Clinic Report Spurs New Legislation to Increase Fairness in Traffic Court

Wednesday, June 10, 2015

not_just_ferguson_report_cover June 10, 2015 – Berkeley Law.

By Kirsten Mickelwait

In California, one in six drivers—4.2 million people—have had their driver’s licenses suspended due to minor traffic infractions that led to escalated fees, penalties, and court appearances. The existing policy has had a devastating and disproportionate effect on low-income and largely minority populations, forcing many into deeper levels of poverty.

Such are the findings of a new report, Not Just a Ferguson Problem: How Traffic Courts Drive Inequality in California, released in April by the East Bay Community Law Center (EBCLC) and a coalition of other legal-aid organizations. The nationwide media exposure given to the 29-page report prompted Chief Justice Tani G. Cantil-Sakauye on May 18 to ask the Judicial Council of California to take emergency action to adopt a rule of court to facilitate access to justice for court users challenging traffic fines. In addition, the California State Legislature is considering SB-405, which would enable people to regain their driver’s licenses through an amnesty program that will allow payment plans and reduce accumulated fines by 50 percent.

Traffic courts as de facto revenue source

Even such minor infractions as missing license plates, littering, or jaywalking can result in suspended licenses if the driver cannot afford to pay. With the extra fees added to every citation, a $100 ticket automatically rises to $490. After one missed deadline, the courthouse doors are closed to the individual, even if unable to appear due to work or illness. The driver’s license is suspended until the fine is paid in full, and the fine increases again, regardless of the reason for the missed deadline. That original $100 ticket now costs $815.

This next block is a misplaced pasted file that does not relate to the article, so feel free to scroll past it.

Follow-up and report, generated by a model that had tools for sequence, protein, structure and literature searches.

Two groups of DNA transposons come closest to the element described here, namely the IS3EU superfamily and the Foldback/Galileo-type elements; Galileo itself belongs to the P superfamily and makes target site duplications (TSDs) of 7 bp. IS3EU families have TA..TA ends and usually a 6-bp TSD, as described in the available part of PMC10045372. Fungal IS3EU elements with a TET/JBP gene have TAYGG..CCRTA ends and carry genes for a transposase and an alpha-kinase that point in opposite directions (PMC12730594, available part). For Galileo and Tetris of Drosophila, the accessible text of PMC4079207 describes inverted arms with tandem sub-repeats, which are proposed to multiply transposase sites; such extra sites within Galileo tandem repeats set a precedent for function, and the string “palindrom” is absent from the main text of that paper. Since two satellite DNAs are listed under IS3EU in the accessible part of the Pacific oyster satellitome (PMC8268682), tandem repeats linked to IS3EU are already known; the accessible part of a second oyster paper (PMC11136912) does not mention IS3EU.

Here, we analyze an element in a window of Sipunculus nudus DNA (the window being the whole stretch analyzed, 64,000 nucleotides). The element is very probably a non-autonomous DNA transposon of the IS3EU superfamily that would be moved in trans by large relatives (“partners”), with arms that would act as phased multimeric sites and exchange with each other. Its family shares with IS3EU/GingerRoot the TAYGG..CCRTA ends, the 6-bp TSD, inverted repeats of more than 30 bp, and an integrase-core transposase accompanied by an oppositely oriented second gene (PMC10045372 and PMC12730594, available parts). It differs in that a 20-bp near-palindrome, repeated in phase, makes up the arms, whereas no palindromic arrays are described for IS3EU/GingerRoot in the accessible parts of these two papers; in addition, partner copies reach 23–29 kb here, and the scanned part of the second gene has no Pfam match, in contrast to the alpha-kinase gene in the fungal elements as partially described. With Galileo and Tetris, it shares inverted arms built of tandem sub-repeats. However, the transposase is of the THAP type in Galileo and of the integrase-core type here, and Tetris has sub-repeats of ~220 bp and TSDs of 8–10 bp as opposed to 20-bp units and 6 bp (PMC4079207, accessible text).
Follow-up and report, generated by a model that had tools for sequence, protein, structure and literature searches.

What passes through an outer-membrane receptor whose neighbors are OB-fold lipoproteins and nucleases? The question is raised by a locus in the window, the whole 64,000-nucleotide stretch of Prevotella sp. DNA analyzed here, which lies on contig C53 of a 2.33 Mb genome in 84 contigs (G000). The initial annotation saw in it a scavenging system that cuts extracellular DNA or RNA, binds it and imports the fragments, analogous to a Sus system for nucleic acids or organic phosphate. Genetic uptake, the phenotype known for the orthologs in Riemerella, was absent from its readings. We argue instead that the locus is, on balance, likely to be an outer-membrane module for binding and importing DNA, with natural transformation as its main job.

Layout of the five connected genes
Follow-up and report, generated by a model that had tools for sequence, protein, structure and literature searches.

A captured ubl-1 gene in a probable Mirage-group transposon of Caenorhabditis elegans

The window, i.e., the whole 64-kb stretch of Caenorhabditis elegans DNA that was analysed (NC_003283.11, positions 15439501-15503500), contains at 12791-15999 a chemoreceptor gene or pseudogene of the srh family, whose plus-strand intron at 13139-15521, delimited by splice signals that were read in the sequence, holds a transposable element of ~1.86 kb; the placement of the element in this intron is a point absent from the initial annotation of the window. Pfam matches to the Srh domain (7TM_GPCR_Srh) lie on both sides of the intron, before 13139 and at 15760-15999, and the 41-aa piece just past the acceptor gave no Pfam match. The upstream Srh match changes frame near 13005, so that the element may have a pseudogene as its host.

According to EBCLC Director of Programs Elisa Della-Piana, the center has seen a strong increase in clients with suspended licenses in recent years – from one or two people per month to about ten people per week. A report issued in March by the U.S. Department of Justice Civil Rights Division called attention to disproportionate numbers of traffic stops and arrests of African-Americans in Ferguson, MO, revealing that the city had used its traffic courts as a de facto revenue source. Della-Piana said that the Ferguson coverage allowed EBCLC to bring attention to similar problems in California, where previous bills had not made much progress toward solving the problem.

“Both AB-2724 and SB-366 addressed this issue, but neither bill got out of appropriations,” Della-Piana said. “In part because of the national media attention generated by our report, the governor has proposed an amnesty program and SB-405 passed unanimously out of committee. That was the outcome we were hoping for, to inspire greater political leverage.” Continue reading…

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